3. Coffee has been shown to have positive effects on depression. 
  4. Exercise helps combat depression. 
  5. Induced fevers have been used to treat depression. 
  6. Psychostimulants have been used to effectively treat depression 

So let’s pool all the non anti-depressant solutions together. What on earth do they have in common? Red meat, coffee, sunlight, fevers, exercise, and electric and magnetic stimulation. They stress the body or the brain. They stimulate. They stimulate you into action, give you energy to pursue what you’re passionate about. And with that boost, you burn energy, work up an appetite, sleep better, and wake better the next day to do it all over again. 

Why does stimulation help? I think its because stimulating these already overactive brains makes the person physiologically adapt to increasing stress. Remember, brainwaves are in higher frequencies when people are depressed. Basically, if you have to, you’ll find more energy. You’ll adapt to the stimulation, then the stimulation goes away. So the adaptation lowers your resting brain energy. 

So how does our time perception theory tie in? Read my Conservation of Dopamine post. Basically, time perception seems to factor in to every portion of this. What’s counter-intuitive is the fact that to solve the problem, you actually may need to increase stress. 

How does our logic make [and keep] us depressed? If the brain was designed to be happy, what are we doing or not doing to prevent us from being happy? What changed in you? You have been happy before. Your behavior is ruled by your fears. Your fears are based on your logic. When your logic changed, your behavior changed. So just like a computer, you’re responsible for rewriting your code. If you’re anything like me, you may have had faulty logic that was still producing desirable results. I was happy and productive, but for the wrong reasons. Because it was not properly debugged, when stress got to be too much, I broke. Without going into too much detail, my mind was not simple enough. There were filters and lenses that I used to produce desired outputs based on the context of the situation. The problem was that this did not give me a simple code to execute. Everything depended on the situation. The location, the people around, the day of the week, etc. So my mood was dependent on the amount of stress at any given time, and my whole day was spent working on trying to exit the stress. The stress wasn’t the problem though, it was me. My personality depended on the the situation I was in. So I preferred simple situations. One-on-one conversations. Alone time. Because it put my mind at ease. But complex situations were stressful for me because my mood and personality depended on the context of situation.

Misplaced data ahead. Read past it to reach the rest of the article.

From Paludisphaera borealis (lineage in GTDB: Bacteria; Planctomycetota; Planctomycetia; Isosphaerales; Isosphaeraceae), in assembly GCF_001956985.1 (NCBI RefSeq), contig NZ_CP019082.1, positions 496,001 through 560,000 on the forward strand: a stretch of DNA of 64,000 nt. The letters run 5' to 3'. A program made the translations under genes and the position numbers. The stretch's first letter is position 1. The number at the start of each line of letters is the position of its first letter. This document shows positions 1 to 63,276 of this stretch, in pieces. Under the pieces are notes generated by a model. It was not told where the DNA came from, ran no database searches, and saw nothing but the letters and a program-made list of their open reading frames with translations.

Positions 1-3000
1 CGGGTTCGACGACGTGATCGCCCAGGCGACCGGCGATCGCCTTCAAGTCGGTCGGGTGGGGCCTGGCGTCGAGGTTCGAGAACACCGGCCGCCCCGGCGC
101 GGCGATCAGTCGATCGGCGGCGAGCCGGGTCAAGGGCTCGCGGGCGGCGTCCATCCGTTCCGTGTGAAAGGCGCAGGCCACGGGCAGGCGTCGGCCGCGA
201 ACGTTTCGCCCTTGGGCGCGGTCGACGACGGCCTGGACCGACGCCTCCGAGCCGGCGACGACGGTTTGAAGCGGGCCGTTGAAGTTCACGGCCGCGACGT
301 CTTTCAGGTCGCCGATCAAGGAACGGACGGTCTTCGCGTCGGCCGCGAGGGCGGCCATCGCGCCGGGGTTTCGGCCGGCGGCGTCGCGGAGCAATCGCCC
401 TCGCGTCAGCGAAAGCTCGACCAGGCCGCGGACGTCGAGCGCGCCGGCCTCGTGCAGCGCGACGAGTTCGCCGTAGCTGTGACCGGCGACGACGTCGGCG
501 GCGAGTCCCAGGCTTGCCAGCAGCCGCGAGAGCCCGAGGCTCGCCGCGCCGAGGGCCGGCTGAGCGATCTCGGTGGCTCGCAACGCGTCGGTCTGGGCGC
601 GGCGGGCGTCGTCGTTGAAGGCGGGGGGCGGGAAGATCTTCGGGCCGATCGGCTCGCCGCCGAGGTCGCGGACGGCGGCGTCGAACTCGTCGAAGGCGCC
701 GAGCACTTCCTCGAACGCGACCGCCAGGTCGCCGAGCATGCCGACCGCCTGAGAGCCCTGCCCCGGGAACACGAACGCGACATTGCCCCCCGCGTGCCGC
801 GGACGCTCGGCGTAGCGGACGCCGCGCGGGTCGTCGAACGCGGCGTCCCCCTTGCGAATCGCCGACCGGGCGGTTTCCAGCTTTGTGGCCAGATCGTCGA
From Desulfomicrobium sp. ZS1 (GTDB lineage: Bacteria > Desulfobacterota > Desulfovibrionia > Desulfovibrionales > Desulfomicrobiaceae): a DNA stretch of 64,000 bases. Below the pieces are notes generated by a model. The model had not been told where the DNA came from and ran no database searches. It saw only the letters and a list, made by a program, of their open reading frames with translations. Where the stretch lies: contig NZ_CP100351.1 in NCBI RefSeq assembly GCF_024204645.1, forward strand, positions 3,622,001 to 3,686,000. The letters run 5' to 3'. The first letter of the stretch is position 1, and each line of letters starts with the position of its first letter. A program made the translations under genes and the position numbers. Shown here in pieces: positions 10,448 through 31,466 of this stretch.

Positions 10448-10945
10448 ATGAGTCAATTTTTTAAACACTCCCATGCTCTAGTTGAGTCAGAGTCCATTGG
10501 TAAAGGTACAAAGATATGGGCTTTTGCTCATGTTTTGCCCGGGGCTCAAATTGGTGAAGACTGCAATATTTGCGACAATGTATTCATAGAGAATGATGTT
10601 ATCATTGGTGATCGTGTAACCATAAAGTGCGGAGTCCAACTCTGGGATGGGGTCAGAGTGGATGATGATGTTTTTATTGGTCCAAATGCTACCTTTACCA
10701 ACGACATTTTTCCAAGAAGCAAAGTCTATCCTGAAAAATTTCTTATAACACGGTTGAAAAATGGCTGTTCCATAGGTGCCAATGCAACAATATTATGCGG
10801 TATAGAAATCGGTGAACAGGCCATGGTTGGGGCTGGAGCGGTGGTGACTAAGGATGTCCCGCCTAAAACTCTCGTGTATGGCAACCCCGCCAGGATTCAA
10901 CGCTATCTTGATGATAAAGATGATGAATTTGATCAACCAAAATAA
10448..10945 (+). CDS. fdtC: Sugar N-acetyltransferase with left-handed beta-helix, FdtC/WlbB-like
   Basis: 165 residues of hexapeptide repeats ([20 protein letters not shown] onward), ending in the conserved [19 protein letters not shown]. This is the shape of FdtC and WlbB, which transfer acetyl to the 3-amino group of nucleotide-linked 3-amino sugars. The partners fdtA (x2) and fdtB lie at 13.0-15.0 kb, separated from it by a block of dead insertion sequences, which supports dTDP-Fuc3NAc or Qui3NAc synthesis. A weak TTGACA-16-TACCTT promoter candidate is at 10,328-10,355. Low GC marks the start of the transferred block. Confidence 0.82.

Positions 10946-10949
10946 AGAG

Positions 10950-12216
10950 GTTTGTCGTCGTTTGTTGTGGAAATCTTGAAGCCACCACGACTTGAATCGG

So the more complex the code, the more time it takes to execute. Except, you don’t get any more time in real life. So you’re forced to press. You strain and sort through these thoughts, and slow down time so you can function in real time with your filters and lenses. 

How does vision tie in? Based on Bates method, vision issues are evidence of mental strain. So while refraction errors do not necessarily mean anyone is depressed, it could be a risk factor. Mental strain essentially slows down time and produces refractive errors. But glasses do not produce mental strain. They let you see with it.  

Why are more people depressed now than ever before? Our lifestyles, obligations, and phones demand more out of our primitive brains than has ever been demanded of them. We are forced to make more decisions per day than any civilization in human history. So what happens when you have 10,000 decisions to make every day instead of 100? You have to think more. But you have the same amount of precious time. So you cope by stressing your brain. The more you stress it, the more decisions you can make in a day. The slower you perceive time. The further you are from who your were designed to be. 



Becoming Bipolar

Mood instability is a serious mental illness, characterized by manic highs and deep depression.

What I think is really interesting is the time periods between highs and lows? Because let’s face it: even those with seasonal depression cycle out of it at some point. Then you have those like me who fluctuate between feeling like Einstein and Emily Dickinson, almost daily.

More importantly, our entire model of the brain ignores time. That’s the beauty of it. So there’s really no one that’s any more bipolar than anyone else. Some people just recover much faster from their down times. And some people tumble much deeper and climb much higher than others. If mood instability is literally just oscillations in mental stress, which is a variable we control, we control how fast we come out of it, how bad it gets, and how long we stay in it.

If think about your entire life as rating on a scale from manic to depressed, or, if you think you’re normal, from happy to sad. It’s important not to be defined by your current state, and to know that everyone’s mood fluctuates to some capacity.

Try to be mindful of where you are on the scale at any one moment, so you can start to identify your triggers, and begin to self-regulate.

So yes, I probably am bipolar. But so is everyone else.